Drug-induced resistance in micrometastases: analysis of spatio-temporal cell lineages
AbstractResistance to anti-cancer drugs is a major cause of treatment failure. While several intracellular mechanisms of resistance have been postulated, the role of extrinsic factors in the development of resistance in individual tumor cells is still not fully understood. Here we used a hybrid agent-based model to investigate how sensitive tumor cells develop drug resistance in the heterogeneous tumor microenvironment. We characterized the spatio-temporal evolution of lineages of the resistant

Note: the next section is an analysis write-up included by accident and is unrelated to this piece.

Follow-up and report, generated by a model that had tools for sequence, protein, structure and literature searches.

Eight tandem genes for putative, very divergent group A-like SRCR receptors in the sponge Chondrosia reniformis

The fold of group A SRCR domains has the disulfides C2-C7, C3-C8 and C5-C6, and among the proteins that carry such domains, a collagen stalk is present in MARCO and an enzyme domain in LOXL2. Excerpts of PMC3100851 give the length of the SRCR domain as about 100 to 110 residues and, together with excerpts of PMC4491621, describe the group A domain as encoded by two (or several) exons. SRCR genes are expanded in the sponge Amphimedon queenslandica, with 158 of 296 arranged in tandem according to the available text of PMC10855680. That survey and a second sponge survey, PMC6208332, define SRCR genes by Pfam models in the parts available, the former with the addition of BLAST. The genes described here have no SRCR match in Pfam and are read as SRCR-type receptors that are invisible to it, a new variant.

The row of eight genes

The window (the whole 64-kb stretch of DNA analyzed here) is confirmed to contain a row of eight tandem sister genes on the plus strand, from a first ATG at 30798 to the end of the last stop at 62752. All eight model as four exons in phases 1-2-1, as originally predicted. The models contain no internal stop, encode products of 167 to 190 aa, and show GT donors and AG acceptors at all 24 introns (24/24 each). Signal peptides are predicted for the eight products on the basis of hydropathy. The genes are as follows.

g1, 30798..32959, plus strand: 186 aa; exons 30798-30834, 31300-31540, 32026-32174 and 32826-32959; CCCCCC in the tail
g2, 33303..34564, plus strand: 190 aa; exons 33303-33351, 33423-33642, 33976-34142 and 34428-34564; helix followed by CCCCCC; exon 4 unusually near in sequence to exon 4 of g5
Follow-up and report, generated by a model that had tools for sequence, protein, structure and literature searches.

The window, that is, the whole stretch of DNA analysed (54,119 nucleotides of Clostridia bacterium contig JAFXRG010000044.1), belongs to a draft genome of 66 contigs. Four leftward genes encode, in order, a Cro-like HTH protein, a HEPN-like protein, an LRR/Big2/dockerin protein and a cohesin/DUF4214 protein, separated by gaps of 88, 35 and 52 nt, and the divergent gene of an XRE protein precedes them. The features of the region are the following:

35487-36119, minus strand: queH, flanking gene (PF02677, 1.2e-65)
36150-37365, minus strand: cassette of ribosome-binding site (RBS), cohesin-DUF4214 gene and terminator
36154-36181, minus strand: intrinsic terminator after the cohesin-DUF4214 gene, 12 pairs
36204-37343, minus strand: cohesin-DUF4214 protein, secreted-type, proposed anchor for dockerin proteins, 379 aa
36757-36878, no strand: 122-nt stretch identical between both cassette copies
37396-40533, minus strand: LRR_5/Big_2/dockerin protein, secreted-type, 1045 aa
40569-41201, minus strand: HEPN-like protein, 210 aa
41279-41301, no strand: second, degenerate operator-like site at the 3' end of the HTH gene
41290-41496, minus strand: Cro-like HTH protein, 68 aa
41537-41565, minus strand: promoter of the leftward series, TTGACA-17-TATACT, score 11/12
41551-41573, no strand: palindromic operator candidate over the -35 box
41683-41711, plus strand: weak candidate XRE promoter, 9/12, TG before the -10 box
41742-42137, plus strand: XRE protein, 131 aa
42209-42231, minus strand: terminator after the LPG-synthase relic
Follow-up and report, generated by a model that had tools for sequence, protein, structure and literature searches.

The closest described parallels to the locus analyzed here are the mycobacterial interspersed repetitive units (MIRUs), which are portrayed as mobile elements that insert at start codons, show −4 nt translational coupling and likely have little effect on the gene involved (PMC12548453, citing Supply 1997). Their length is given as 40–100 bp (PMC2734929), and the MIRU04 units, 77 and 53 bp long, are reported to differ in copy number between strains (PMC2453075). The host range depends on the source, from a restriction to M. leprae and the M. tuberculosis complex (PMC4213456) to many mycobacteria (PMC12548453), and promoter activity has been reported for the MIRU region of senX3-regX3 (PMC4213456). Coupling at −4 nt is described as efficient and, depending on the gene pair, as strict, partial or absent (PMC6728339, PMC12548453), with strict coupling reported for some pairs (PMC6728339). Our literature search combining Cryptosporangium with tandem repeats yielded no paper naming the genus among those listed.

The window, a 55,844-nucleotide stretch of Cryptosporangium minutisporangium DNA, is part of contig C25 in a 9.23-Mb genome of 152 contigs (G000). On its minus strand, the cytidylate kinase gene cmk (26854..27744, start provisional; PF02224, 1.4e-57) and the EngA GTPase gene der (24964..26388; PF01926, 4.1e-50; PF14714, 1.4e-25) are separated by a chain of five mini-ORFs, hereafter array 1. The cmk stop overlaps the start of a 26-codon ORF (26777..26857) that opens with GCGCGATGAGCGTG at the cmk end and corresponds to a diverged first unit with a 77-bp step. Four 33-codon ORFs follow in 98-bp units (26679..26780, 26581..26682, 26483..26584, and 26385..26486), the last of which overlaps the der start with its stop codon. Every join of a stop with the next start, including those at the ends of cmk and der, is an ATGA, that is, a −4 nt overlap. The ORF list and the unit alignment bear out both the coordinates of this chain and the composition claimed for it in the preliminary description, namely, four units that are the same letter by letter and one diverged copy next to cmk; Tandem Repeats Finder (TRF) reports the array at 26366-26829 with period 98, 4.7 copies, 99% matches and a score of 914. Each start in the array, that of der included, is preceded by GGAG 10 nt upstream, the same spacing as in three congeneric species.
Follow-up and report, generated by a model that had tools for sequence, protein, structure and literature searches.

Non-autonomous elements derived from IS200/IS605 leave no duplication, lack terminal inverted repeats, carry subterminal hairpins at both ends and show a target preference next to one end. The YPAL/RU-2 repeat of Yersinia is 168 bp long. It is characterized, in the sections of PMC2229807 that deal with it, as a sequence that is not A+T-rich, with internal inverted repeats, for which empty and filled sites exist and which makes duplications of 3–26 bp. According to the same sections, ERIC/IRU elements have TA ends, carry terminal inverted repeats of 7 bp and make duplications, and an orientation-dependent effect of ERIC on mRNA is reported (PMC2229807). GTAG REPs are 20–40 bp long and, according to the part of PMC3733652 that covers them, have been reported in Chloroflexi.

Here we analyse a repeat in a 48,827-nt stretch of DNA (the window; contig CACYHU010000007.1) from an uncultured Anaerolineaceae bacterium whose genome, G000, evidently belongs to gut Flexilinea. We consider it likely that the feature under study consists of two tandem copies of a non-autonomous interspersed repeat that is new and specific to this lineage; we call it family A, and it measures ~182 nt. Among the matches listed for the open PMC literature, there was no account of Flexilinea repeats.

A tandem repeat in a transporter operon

... es of the resistant cells and examined how resistance at the single-cell level contributes to the overall tumor resistance. We also developed new methods to track tumor cell adaptation, to trace cell viability trajectories and to examine the three-dimensional spatio-temporal lineage trees. Our findings indicate that drug-induced resistance can result from cells adaptation to the changes in drug distribution. Two modes of cell adaptation were identified that coincide with microenvironmental niches—areas sheltered by cell micro-communities (protectorates) or regions with limited drug penetration (refuga or sanctuaries). We also recognized that certain cells gave rise to lineages of resistant cells (precursors of resistance) and pinpointed three temporal periods and spatial locations at which such cells emerged. This supports the hypothesis that tumor micrometastases do not need to harbor cell populations with pre-existing resistance, but that individual tumor cells can adapt and develop resistance induced by the drug during the treatment.